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What Is APR? Your 6-Minute Guide to Annual Percentage Rates

By Brendan Harkness and expert reviewed by Michelle Lambright Black
Updated Sep 09, 2021 | Published Jun 11, 201810 min read

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At a glance

APR stands for annual percentage rate, which refers to the interest you’re being charged to borrow money. APRs can be calculated as simple or compound interest, and rates can be fixed or variable.

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You’ll hear lots of new terms when you apply for a loan or credit card. Annual percentage rate, or APR, is one you should definitely understand.

What’s the definition of APR? The annual percentage rate is what your lender charges you to borrow money on a yearly basis. It includes both your interest rate and any fees the lender tacks on. Put another way, APR is the annual “price” of borrowing money.

Here’s how APR works in very basic form. Imagine you take out a $20,000 auto loan at 7.5 percent fixed APR for five years and the lender charges you no additional fees. Assuming you make all your monthly payments on time, by the end of the loan term, you’ll have paid your lender about $24,000: $20,000 for the original loan amount and a little over $4,000 in total interest charges. The actual price, or cost, of the loan is close to $4,000.

Of course, credit cards are a bit different. If you pay your balance in full each month by the due date, you can avoid interest on purchases entirely. In this scenario, your APR has no effect on the cost of borrowing money.

What’s the Difference Between Simple and Compound Interest?

When you borrow money, your interest charges are calculated as either simple interest or compound interest. The type of interest your lender or credit card issuer charges can have a big impact on your overall cost of financing.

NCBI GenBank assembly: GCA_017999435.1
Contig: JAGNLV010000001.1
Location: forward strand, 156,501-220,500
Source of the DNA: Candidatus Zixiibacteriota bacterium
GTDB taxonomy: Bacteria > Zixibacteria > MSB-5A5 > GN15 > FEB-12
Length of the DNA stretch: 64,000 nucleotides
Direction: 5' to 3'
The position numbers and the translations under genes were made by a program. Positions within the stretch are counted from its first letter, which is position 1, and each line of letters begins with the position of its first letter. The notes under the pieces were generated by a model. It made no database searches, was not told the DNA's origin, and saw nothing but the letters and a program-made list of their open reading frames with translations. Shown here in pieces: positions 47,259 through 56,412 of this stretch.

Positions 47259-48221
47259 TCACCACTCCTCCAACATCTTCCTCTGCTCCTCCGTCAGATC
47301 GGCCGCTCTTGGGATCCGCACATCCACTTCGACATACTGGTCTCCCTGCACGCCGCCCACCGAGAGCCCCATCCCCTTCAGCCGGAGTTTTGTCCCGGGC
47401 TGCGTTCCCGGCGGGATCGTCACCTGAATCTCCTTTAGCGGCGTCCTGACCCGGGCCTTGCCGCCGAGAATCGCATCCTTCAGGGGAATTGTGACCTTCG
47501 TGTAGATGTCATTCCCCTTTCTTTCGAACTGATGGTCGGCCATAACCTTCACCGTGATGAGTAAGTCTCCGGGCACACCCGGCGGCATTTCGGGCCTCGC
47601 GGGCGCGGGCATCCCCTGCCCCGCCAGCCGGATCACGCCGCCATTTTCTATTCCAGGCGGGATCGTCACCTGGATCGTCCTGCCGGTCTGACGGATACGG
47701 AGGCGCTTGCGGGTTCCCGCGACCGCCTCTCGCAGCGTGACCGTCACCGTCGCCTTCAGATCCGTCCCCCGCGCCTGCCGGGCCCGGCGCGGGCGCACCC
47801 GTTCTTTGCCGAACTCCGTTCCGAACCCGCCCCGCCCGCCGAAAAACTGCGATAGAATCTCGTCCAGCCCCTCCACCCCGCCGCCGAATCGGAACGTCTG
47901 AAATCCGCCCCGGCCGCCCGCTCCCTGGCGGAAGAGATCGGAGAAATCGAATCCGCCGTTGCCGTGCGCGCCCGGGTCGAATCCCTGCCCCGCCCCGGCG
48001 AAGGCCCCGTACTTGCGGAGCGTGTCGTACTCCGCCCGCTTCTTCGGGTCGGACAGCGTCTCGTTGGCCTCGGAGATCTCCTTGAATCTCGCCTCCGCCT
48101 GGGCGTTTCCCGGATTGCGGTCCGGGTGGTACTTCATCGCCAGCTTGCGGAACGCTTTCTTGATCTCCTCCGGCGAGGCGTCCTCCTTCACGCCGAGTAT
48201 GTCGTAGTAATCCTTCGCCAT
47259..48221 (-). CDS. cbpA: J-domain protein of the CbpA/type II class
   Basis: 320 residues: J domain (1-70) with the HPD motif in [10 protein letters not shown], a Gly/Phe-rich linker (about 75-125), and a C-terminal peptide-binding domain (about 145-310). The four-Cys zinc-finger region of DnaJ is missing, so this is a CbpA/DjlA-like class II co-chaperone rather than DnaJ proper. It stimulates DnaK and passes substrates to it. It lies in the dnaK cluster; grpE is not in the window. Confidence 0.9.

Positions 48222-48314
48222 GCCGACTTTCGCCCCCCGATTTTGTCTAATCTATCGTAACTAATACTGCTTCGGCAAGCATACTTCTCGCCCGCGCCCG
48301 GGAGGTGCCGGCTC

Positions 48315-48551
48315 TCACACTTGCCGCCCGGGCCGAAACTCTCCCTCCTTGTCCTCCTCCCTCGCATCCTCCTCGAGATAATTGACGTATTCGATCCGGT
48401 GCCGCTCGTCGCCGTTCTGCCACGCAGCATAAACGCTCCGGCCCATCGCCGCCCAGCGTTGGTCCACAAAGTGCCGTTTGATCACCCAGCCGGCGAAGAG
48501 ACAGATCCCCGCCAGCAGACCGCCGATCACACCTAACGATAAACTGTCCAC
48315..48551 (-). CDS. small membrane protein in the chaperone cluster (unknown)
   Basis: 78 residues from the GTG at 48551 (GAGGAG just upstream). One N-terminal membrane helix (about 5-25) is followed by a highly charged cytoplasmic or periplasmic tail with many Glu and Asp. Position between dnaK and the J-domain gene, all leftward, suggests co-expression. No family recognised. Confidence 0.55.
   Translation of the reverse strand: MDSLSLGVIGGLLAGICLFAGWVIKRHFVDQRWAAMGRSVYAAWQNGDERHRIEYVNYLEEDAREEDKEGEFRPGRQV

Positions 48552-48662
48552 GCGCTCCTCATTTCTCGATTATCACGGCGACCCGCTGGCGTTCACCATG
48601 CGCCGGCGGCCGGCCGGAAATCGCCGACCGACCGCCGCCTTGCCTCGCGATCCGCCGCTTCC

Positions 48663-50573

Many installment loans, such as auto loans and student loans, are simple interest loans. When you make your payment each month, the interest you owe is paid in full and the remainder of your payment reduces the principal loan balance by some amount. If you make your monthly payment early, your interest charges are typically lower and more of the payment goes toward your principal debt.

With compound interest, interest charges are calculated on both the outstanding balance, including new purchases and fees, and the interest charged on that balance. You end up paying interest on your interest.

Most credit cards and revolving lines of credit use compound interest. As a result, you may actually pay a higher APR on your credit card debt than the interest rate listed in your card agreement.

Here’s how it works: Imagine you charged $1,000 in new furniture on a credit card with a 20 percent APR. If the bank only charged credit card interest once per year, you’d pay about $200 in interest ($1,000 x 0.20 = $200), assuming there were no additional fees.

But with many credit cards, interest is compounded on a daily basis. Using the daily balance method, your card issuer would calculate your average daily balance and multiply it by your daily periodic rate (your credit card APR expressed as a daily value: APR ÷ 365). Then, the issuer would add those interest fees to your outstanding balance.